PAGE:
The purpose for this borrowing is rather worrisome. We cannot borrow to fund consumption in perpetuity. To maintain the same high level of consumption pattern funded by debt in the face of dwindling revenue is rather suicidal. We need to cut the crabs and seek capital investment in income generating activities that will sort us out of the woods. We need the political will to make these critical adjustments and the foresight to prioritize our capital investment. That’s the CHANGE Nigerians need. We can’t keep doing the same thing over and over again and expect different results. It’s like expecting one divine miracle that would turnaround our fortunes but continuing business as usual while it tarries. It’s like the government is borrowing and hoping for the price of crude to increase soonest.

All Nigerians should understand that Nigeria has never been a rich country. Our Politicians create the illusion that we are rich as an excuse for their conspicuous consumption.

They say the Treasury Single Account (TSA) implementation has led to the recovery of N2.4trillion then why are we about borrowing N2.1trillion? ‘Thank God, TSA has made provision so I don’t think borrowing is needed’. What we are looking for outside is already within our premises.

“If you do not allow relative prices to adjust when faced by a terms of trade/real sector shocks, then you put the full burden of adjustment on real variables or quantities (especially output and employment)— and they will adjust with vengeance because you cannot fix price and quantity. Both economic theory and evidence from around the world are relatively unambiguous: faced with terms of trade shocks, countries with flexible exchange rate adjust faster and better and with less negative impact on growth and employment than those with fixed rate. Put differently, countries that allowed relative prices (including exchange rate) to become the key “adjusters” during terms of trade shocks have almost always done better than those that resorted to price (exchange rate) and other distorting controls”.

My keen advice;

I advice that budget deficit should be approximately N2Trillion as against the circa N800 billion in the 2015 Budget. This will show up in the 2015 Supplementary Budget. The figure approximates 50% of the 2015 Budget (50% of our budget is to be funded by local and foreign debt). Also note that Public Debt size (amongst other factors) has a direct impact on the value of Naira.

Government should do away with petroleum subsidy stuff and sell off these dead refineries.
Cap NNPC’s expenses by an immediate review of the Nigerian National Petroleum Corporation Act, Chapter 320, Laws of the Federal Republic of Nigeria 1990. Particularly Section 4 b. Recall that section 4 states as follows;
(4) The Corporation shall maintain a fund which shall consist of-
(a) such moneys as may from time to time be provided by the Federal Government for the purposes of this Act by way of grants or loans or otherwise howsoever; and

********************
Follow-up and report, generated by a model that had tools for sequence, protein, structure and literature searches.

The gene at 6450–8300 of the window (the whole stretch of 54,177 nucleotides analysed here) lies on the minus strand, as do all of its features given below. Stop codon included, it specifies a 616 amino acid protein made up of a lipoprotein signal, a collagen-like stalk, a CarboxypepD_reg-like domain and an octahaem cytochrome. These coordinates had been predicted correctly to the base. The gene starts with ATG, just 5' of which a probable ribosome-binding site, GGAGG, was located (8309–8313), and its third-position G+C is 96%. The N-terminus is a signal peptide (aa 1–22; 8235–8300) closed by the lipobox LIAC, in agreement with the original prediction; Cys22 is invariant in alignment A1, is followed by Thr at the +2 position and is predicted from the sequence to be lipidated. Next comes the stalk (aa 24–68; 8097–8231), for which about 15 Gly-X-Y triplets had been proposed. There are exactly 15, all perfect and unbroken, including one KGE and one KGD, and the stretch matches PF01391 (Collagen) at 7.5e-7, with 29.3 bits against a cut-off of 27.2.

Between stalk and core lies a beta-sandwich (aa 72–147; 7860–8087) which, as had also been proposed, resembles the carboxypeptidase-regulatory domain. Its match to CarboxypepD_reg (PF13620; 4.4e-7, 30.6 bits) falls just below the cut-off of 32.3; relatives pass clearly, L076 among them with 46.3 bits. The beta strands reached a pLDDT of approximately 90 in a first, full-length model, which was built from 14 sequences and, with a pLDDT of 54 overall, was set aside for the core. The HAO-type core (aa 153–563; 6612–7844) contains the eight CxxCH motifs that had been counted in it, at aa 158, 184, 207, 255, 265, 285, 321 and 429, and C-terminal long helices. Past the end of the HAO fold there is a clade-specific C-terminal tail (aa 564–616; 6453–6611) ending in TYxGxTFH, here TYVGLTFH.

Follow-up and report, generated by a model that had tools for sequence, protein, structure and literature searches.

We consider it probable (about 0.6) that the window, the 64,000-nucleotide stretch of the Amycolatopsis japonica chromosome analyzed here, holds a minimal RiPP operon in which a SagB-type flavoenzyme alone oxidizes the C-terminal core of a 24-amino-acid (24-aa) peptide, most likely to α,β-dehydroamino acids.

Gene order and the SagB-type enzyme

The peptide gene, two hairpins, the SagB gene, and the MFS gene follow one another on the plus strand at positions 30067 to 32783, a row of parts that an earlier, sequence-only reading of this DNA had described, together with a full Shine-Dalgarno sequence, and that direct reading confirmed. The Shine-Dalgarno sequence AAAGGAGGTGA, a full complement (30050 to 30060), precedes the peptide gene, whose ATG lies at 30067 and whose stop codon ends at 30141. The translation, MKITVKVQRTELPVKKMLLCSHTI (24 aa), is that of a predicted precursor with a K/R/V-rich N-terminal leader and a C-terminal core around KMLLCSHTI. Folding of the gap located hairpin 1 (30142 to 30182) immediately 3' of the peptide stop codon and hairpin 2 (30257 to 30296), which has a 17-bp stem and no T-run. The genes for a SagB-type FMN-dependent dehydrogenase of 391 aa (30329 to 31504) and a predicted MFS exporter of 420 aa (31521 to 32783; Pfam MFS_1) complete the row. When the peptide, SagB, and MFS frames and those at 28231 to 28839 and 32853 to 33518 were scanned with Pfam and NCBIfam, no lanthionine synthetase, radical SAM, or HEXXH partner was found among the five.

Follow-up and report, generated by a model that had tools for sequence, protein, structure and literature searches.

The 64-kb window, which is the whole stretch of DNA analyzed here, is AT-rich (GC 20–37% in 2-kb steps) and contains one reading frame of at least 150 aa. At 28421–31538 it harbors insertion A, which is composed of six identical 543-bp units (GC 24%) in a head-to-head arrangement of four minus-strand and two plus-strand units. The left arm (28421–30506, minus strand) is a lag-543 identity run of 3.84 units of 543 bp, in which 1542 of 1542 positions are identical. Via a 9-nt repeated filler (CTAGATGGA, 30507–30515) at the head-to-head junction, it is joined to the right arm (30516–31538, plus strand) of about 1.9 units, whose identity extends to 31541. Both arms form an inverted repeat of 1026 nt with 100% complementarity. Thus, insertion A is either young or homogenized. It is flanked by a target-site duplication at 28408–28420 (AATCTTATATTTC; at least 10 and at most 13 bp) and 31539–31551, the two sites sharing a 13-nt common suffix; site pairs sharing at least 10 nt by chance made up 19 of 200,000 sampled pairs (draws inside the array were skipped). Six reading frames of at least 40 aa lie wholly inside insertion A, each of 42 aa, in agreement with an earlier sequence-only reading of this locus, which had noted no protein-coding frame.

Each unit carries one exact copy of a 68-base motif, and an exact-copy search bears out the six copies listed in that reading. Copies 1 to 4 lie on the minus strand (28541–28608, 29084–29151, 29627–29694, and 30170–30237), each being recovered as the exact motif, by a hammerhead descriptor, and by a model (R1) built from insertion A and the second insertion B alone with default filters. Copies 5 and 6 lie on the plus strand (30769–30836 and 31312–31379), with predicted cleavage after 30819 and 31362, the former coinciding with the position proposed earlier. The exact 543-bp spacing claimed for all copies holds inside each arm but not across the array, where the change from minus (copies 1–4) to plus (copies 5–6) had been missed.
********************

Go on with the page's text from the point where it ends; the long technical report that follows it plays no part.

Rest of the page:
(b) such moneys as may be received by the Corporation in the course of its operations or in relation to the exercise by the Corporation of any of its functions under this Act, and from such fund there shall be defrayed all expenses incurred by the Corporation. This will immediately ensure predictability of the country’s oil revenues. Going by the letter of NNPC’s enabling act, there is nothing in law that stops the NNPC from spending more than it generates, thus in an era of falling oil prices there may come a time when the NNPC will operate at a loss. To achieve this, government has to work with the National Assembly to achieve this speedily. Fortunately, the NASS has an APC majority. It’s an easy ride.

Government should also look into reducing the number of Presidential Air Fleet. Sources said, they are numbering about 10. By so doing, she would save cost of maintenance and reduce the overburden on the economy.

Have we forgotten so soon that Governor Nasir El-rufai has been saying that some aides of the former Ministers want to return some stolen money through him? Then what are we waiting for? Government should ask Mallam Nasir El Rufai to release all the money he claimed that Jonathan’s men returned. By so doing, we will even have enough balance. Then we could use the N1trillion naira MTN is to pay to NCC, those money recovered by EFCC, and the N1billion fine Guinness Nigeria Plc is to pay to NAFDAC, and add to the $6bilion Governor Adams Oshiomole recovered then use it as foundation for 2016 budget.
That’s revenue made easy.

End of Discussion!
Gerald Nwokocha, is a purpose-driven Nigerian young writer, Media Strategist and Principal Author of “The Metamorphoses of Nigeria”. He is resident in FCT, Abuja.
08089243045 (SMS only)

By Dotun Roy

DotunRoy.com is a development driven news website with the overall goal of amplifying, promoting and advocating for positive societal change through Sustainable Development advocacy in line with UN SDGs components such as education, environmental sustainability and Climate Change, Human Rights, health, finance, housing, good governance as well as security in Nigeria and across the world.